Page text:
Everything Is Love Taught Us About Marriage… Their Marriage

Lemonade made its message pretty clear: Boy, bye. So did 4:44: I apologize. It’s been riveting—Beyoncé’s rage, Jay-Z’s remorse, the near-dissolution and reformation of a celebrity marriage. All of it performed, packaged, and maximized for profit, of course. The whole thing would make you cynical if it didn’t feel so honest.

But it does. And so does Everything Is Love, the surprise, casually joyful album released last Saturday by the Carters. And what is its message? Forgive and forget? Triumphantly endure? Pull on pastel suits and take a victory lap around the Louvre? This trilogy of records and the accompanying, jaw-dropping visuals have made the Carters the domestic sages of our era. The married among us can’t help but listen closely—for advice, for wisdom, for lessons on, I don’t know, conspicuous consumption. I’ll speak for myself: This new record has taught me, a husband of 11 years, the following.

Don’t worry so much about sand.

Makeup sex is best experienced, apparently, on a beach. (See: “Summer.”)

Don’t just apologize. Buy stuff.

“I got expensive fabrics / I got expensive habits,” raps Beyoncé on “Apeshit.” “Shut down Colette / Philippe Patek.” The Carters don’t have much to say about those who can’t afford this stuff, but the point couldn’t be clearer. Jay-Z didn’t get to where he is just by saying sorry.

Oh, and be quiet.

“Apeshit” is a banger for the ages, the anthem that we’ll be listening to for a long time. And for almost all of it, Jay just sits there. He flexes on the Grammys for shutting him out, true, but in the video he gives her his last line—and just smiles. Because she’s the bigger star. And he knows it. And he’s cool with it. The lesson: Pipe down; get out of her way.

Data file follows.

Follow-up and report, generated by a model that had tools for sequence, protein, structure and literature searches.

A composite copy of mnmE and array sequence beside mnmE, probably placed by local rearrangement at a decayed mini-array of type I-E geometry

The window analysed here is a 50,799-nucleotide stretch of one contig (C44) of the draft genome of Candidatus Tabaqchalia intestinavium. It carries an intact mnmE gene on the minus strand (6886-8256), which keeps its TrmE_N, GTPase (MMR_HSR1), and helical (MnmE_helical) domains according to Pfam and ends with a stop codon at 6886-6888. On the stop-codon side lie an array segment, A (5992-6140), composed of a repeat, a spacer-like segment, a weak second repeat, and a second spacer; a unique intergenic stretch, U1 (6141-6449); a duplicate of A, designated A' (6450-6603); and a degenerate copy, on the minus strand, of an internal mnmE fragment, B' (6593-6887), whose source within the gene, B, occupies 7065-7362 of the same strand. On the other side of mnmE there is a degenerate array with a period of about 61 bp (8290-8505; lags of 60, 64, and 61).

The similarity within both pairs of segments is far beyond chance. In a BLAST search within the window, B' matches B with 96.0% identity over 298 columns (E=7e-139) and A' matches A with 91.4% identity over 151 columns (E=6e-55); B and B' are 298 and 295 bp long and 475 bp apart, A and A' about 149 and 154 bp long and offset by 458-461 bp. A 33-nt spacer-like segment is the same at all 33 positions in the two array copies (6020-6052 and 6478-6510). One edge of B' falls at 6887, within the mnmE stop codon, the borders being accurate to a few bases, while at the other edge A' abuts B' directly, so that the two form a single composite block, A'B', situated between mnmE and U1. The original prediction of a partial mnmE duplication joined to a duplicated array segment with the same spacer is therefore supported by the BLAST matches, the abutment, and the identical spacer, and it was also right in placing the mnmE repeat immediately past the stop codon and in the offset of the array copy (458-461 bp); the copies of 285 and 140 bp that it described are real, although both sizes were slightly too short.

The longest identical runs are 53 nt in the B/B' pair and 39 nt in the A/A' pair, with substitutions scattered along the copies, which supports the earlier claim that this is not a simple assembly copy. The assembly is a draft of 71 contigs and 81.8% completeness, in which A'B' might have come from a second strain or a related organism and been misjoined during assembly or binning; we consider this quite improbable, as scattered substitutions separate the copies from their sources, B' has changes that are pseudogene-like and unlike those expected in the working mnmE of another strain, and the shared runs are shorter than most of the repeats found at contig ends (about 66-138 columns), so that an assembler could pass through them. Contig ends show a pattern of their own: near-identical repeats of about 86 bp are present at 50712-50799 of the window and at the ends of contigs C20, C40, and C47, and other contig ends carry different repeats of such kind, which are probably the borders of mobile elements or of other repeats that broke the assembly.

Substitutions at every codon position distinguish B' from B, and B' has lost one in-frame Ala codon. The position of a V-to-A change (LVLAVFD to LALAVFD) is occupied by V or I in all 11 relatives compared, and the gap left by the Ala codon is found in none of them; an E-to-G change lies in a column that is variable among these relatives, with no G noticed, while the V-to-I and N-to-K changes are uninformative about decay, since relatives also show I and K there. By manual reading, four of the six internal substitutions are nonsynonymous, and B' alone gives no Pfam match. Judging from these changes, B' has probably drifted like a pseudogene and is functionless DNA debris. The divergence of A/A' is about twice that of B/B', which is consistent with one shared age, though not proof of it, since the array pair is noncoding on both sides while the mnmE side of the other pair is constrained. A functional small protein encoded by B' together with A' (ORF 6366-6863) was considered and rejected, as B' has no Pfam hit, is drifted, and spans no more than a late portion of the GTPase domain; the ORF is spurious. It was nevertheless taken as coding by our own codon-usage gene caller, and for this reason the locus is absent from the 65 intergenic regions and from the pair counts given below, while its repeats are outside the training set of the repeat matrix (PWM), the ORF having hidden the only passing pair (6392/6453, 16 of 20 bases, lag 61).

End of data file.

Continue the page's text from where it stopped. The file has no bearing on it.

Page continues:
Tell the story of how you met.

In “713,” an homage to Beyoncé’s hometown of Houston, Texas, Jay-Z recounts their early days. “You kept me up on the phone while you were away / You came back, I let you set the date, Nobu on the plate.” He remembers their trip to St.-Tropez: “My first time in the ocean went exactly as you’d expect / Meanwhile you goin’ hard, jumpin’ off the top deck.” Self-mythology serves a purpose. It sanctifies a couple’s origin story, elevates the marital bond. It’s why people renew their vows.

Tear up the prenup.

Easy for them to say, I guess, since they’re both multibillionaires. But Jay’s verse on “Lovehappy”: “I let my wife write the will / I pray my children outlive me” is one more example of the Carters’ special brand of confidence. Extravagance is liberation. This amounts to a kind of religious faith, and it frees them of suspicion. Money is joy, is freedom.

Her crew is better than yours.

Beyoncé’s makes this point pretty clear on “Friends.” Her circle is loyal, supportive, affirming. His is more . . . complicated. These two lines are thought to be about the couple skipping Kanye West’s wedding: “I Ain’t goin’ to nobody nothin’ when me and my wife beefin’ / I don’t care if the house on fire, I’m dyin’, nigga, I ain’t leavin’.” Definitely don’t worry about Kanye’s feelings during a marriage crisis. Noted!

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